The situation was so opportune that Zilber suggested getting the quartet into 25th Street Recording in Oakland for an old school recording session, where they eschewed separation for a more live and relaxed feeling. The pieces that the group played were pieces they had played over the previous week, along with a couple of originals and arrangements by Zilber.

The recording begins with Zilber’s ode to their virtuoso bass player, “Barshay Fly,” which takes a bass line Barshay played on a gig as inspiration and creates a grooving piece for the ensembles’ solo flights. Zilber reimagines elements from Sonny Rollins’ iconic solo on “Tune Up” and a four-note motif from Thelonious Monk’s “If I Were a Bell” and a bit of the bridge from “Ruby My Dear” to create “Sonny Monk (If I Were A),” a hard swinging piece that allows for a bit of solo trading between Clark and Zilber. Clark introduces McCoy Tyner’s “Passion Dance” with an emphatic drum solo, setting the tone for a true quartet workout.

The quartet shows its romantic side on Duke Pearson’s “You Know I Care” with wistful solos from all and Clark’s warm, gauzy brush work. The Beatles are one of Zilber’s passions, as he even leads a Fab Four centered funk band called John & Paul Reimagined. Here Zilber presents his tremendous arrangements of “Blackbird” and “Norwegian Wood,” the former with a bouncing pulse, harmonic reworking and Zilber’s poignant soprano while the latter finds the meditative tune traversing through six keys. These prove to be Clark’s first attempts at playing the Beatles material and he owns them.

Wayne Shorter’s gorgeous “Miyako” is haunting with Zilber’s mournful soprano, Matt Clark’s thoughtful keys and Mike Clark’s sparkling cymbal work. Barshay’s playful arrangement of Monk’s “Monk’s Dream” makes clear the joyous feel the quartet could blossom and provides a showcase for the bassist’s outstanding solo voice. The recording concludes with Rodgers and Hart’s “Falling In Love with Love,” the well-loved standard taken at an infectious up-tempo swing only cementing the quartet’s effervescent character.

The moving performances on Mike Clark and Michael Zilber’s Mike Drop show that kindred spirits can be found no matter the distance. Though both Clark and Zilber came from the West Coast, they found their connection in a love of the serious soul of one of New York City’s distinctive styles: a seriously swinging, free range jazz.


released July 16, 2021

Mike Clark – drums
Michael Zilber – tenor & soprano saxophones
Matt Clark – piano
Peter Barshay – bass

Phree-Range Philosophy

So since I have been posting what I refer to as “free-range” recordings, maybe a brief statement of aesthetics is in order, in case you are wondering what does a term for poultry have to do with recordings?  Let me try to clarify:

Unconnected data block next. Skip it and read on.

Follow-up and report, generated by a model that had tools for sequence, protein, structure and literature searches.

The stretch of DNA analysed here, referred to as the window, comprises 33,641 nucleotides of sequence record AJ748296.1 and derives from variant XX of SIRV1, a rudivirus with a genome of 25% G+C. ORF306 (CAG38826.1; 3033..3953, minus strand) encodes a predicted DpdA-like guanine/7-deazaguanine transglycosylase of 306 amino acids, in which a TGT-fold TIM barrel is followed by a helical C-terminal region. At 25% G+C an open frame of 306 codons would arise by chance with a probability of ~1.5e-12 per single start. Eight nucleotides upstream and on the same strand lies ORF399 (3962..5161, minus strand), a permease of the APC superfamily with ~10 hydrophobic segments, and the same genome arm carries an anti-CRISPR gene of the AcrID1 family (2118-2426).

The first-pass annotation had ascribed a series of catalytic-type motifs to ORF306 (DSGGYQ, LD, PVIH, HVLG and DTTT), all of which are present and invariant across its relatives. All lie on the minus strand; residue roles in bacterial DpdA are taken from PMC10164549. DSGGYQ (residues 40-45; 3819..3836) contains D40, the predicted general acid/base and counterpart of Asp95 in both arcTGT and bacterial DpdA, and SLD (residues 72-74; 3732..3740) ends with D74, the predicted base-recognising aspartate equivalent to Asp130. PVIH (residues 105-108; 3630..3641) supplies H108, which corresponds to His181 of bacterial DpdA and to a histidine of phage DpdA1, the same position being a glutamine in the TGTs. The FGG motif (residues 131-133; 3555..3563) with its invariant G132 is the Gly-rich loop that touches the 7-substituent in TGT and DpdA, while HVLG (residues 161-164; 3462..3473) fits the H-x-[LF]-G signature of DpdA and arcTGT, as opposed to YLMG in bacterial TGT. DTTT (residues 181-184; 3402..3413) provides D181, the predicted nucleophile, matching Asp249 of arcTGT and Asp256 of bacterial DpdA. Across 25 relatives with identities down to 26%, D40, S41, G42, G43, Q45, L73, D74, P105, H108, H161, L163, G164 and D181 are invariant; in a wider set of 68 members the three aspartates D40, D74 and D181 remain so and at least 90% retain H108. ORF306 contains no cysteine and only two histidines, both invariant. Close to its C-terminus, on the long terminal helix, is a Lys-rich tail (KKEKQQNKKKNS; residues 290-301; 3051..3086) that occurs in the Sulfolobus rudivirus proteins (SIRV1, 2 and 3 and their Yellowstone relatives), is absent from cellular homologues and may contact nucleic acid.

Simply, it means having all the musicians in the same room, with NO baffling, NO separaton, NO headphones, just some very good directional microphones in a room conducive to that (Not too live, not too dead) and we all play, just like we would on a gig.  And then, as always, no studio “fixes” (punched in solos or pitch correction) or gating/compression surgery.  Just a touch of reverb added and perhaps a little EQ to adjust for the room, but otherwise what you hear is what we did.  I like this approach so much, since it is honest, and it confirms for me that the endless baffling, gating “fixes”, riding of solo levels, punching in, etc does not do much of anything for acoustic jazz, and can often kill the spontaneity and interaction that is the heart of the jazz I love.

Really, I have not heard modern acoustic jazz recordings that use separate rooms and punches and fixes sound any better, and in so many cases, relying on headphones and on the kindness of engineers to recreate what we did seems misguided to me.  And I have never had a headphone mix feel as good to me as playing live, phoneless,  in the room with my fellow musicians, when it comes to jazz.  Obviously, there are many kinds of music where this makes sense, layered pop productions, situations where musicians can’t be in the same town or there at the same time, and more. And I love great engineers. Some of my best friends are engineers!  However, I do think that, in a variation of “to a hammer everything looks like a nail”, to MOST engineers with all these tools and controls, every recording session looks like an opportunity to “fix and improve on” the original live performance. Frankly, I do not like separation, fixes and “improvements” to acoustic jazz, thinking it generally sounds more sterile and disconnected.  (See Relaxing at Camarillo with Joe Henderson and Chick Corea as an example of overmanaging and separating truly great jazz musicians.) You should be able to hear your favorite jazz group live in performance and have it sound and have them play like what you heard on the recording.  Also, when I play with kindred souls, the best performances we do in the studio are just like live gigs, in the same room, no phones, playing and hearing each other well and in the moment, and those are also many of my favorite jazz recordings (and others, such as Sinatra, etc). Just look at the photos of Coltrane recording Both Directions with his quartet at van Gelder’s…No baffling, no headphones, and somehow, between the room, the microphone and the musicians, it sounds amazing. NOT putting myself in that company, but just increasingly convinced that the best way to hear jazz, even on recording, is by letting them record naturally and unencumbered.   Great engineers set a balance in consultation with the musicians, and essentially that is what you get.  So that is a long version of expressing my feelings on free-range Jazz.  It is the way I plan to record from now on, wherever possible. So whatever your take on it, you will know that what you hear is what we played!